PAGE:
The modern relations between the two countries was conditioned and shaped by British colonial rule in the country from the 19th century until its independence. Since the foundation of the Malaysian Federation, several visits have been made between each other leaders. The Yang di-Pertuan Agong Sultan Abdul Halim of Kedah paid a state visit to the United Kingdom in July 1974. The next Yang di-Pertuan Agong Sultan Azlan Shah of Perak paid a state visit to the United Kingdom in November 1993. Queen Elizabeth II paid state visits to Malaysia in October 1989 and September 1998. David Cameron, Prime Minister of the United Kingdom visited Malaysia in the first half of 2012 as part of his Asia tour. Prince William, the Duke of Cambridge and his wife Catherine, the Duchess of Cambridge visited Malaysia from 13–16 September 2012, as part of a nine-day tour through Commonwealth countries in Southeast Asia and the Pacific to celebrate Queen Elizabeth's Diamond Jubilee. On 2 November 2017, Prince Charles and his wife Camilla, the Duchess of Cornwall, made an official visit to Malaysia to commemorate the 60th anniversary of bilateral relations between the two countries.
Since 1963, the British Malaysian Chamber of Commerce (BMCC) has been providing British businesses with networking, knowledge exchange, trade assistance and support in Malaysia.
In 2017, the United Kingdom is Malaysia's fourth largest trading country in the European Union (EU) with annual goods and services trade at £3.34 billion. In April 2017, United Kingdom Secretary of International Trade Dr Liam Fox said their country affirmed its commitment to increase trade and investment as part of a determined effort to reach out to its trading partners and to reassure that the United Kingdom was open for business beyond Brexit after the former triggered article 50 for the secession from the EU while acknowledging the massive investments by Malaysian companies in the country such as in the Battersea Power Station. The Malaysian side also announced its ready to work with the United Kingdom. In September 2017, the United Kingdom Prime Minister's trade envoy to Malaysia Richard Graham visit Malaysia to promote United Kingdom's education expertise and positioned the country as the overseas investment destination of choice for Malaysian companies and investors, adding that the country has more than doubled its export funds to £5 billion to support two-way trade with Malaysia. In October 2017, the United Kingdom Mega Tech Mission 2017 (comprising 50 leading-edge technology companies) heading to Malaysia to widen business outreach and explore new technology deals with local players.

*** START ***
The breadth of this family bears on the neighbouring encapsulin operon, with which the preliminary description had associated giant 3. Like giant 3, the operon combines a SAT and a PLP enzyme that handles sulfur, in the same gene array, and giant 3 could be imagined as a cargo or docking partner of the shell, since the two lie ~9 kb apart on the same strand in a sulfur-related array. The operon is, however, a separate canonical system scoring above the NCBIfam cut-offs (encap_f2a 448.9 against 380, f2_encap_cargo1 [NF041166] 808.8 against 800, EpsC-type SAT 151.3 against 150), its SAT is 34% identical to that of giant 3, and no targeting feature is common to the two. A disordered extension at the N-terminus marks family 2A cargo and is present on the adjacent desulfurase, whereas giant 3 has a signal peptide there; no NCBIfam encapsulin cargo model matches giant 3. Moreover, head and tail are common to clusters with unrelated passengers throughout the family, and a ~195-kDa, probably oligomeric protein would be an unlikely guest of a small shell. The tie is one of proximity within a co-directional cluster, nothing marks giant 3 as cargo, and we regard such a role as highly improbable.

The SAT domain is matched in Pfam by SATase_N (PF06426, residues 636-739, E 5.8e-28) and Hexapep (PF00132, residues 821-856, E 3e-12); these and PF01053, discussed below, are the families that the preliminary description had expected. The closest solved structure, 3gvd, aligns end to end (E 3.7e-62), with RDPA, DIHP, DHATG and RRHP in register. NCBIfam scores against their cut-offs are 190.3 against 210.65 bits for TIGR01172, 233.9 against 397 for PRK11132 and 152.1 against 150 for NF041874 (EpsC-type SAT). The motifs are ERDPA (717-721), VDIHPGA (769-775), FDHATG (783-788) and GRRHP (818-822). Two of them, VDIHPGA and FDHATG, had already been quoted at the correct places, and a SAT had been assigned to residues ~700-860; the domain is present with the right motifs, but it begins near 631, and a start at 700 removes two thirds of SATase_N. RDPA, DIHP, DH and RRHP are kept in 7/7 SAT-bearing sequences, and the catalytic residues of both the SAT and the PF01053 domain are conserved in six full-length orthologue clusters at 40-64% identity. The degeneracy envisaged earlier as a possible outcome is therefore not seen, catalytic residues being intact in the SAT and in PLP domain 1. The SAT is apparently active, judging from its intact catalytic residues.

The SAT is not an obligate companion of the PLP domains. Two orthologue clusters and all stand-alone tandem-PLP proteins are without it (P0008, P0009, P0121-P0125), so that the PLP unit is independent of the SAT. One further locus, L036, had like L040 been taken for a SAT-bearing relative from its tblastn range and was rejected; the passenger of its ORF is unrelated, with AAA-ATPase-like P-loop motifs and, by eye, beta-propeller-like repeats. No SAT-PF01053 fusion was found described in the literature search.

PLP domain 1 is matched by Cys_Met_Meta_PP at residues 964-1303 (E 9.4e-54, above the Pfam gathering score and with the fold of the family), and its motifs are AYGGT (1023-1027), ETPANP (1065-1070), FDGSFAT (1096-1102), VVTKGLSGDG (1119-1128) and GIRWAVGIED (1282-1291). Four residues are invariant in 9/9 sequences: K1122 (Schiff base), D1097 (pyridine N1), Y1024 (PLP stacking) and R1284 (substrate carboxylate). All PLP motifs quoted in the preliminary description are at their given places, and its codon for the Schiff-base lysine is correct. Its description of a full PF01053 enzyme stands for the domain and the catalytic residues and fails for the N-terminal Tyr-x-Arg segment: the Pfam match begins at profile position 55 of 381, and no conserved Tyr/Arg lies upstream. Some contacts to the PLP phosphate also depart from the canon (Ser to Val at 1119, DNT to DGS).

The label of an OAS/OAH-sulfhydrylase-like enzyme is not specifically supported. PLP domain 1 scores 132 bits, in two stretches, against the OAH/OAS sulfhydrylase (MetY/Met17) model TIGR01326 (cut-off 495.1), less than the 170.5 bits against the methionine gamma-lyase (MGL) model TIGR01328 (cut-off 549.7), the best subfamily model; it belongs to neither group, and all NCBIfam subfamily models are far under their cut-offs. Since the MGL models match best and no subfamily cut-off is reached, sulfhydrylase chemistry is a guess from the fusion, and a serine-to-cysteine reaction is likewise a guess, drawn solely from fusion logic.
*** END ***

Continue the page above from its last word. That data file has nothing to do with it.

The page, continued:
In 1996, the two countries signed a double taxation agreement. 
The British Council has provide English language mentoring to thousands of local primary school teachers in East Malaysia under the English Language Teacher Development Project (ELTDP) with the Malaysian government.
The United Kingdom maintains relations with Malaysia's Ministry of Defence and the Malaysian Armed Forces. This relation began during the colonial rule of Malaya and Singapore prior to Malaya's independence in 1957, including the confrontations between the ruling government and communist forces. Both Malaysia and the United Kingdom are part of the Five Powers Defence Arrangements.
The Last POW Camp Memorial in Ranau, Sabah, Malaysia dedicated to Australian and British soldiers who died during the tragedy on the Sandakan Death Marches.
Three flags dedicated to Australian, British and New Zealander soldiers in Kundasang War Memorial, Ranau, Sabah, Malaysia.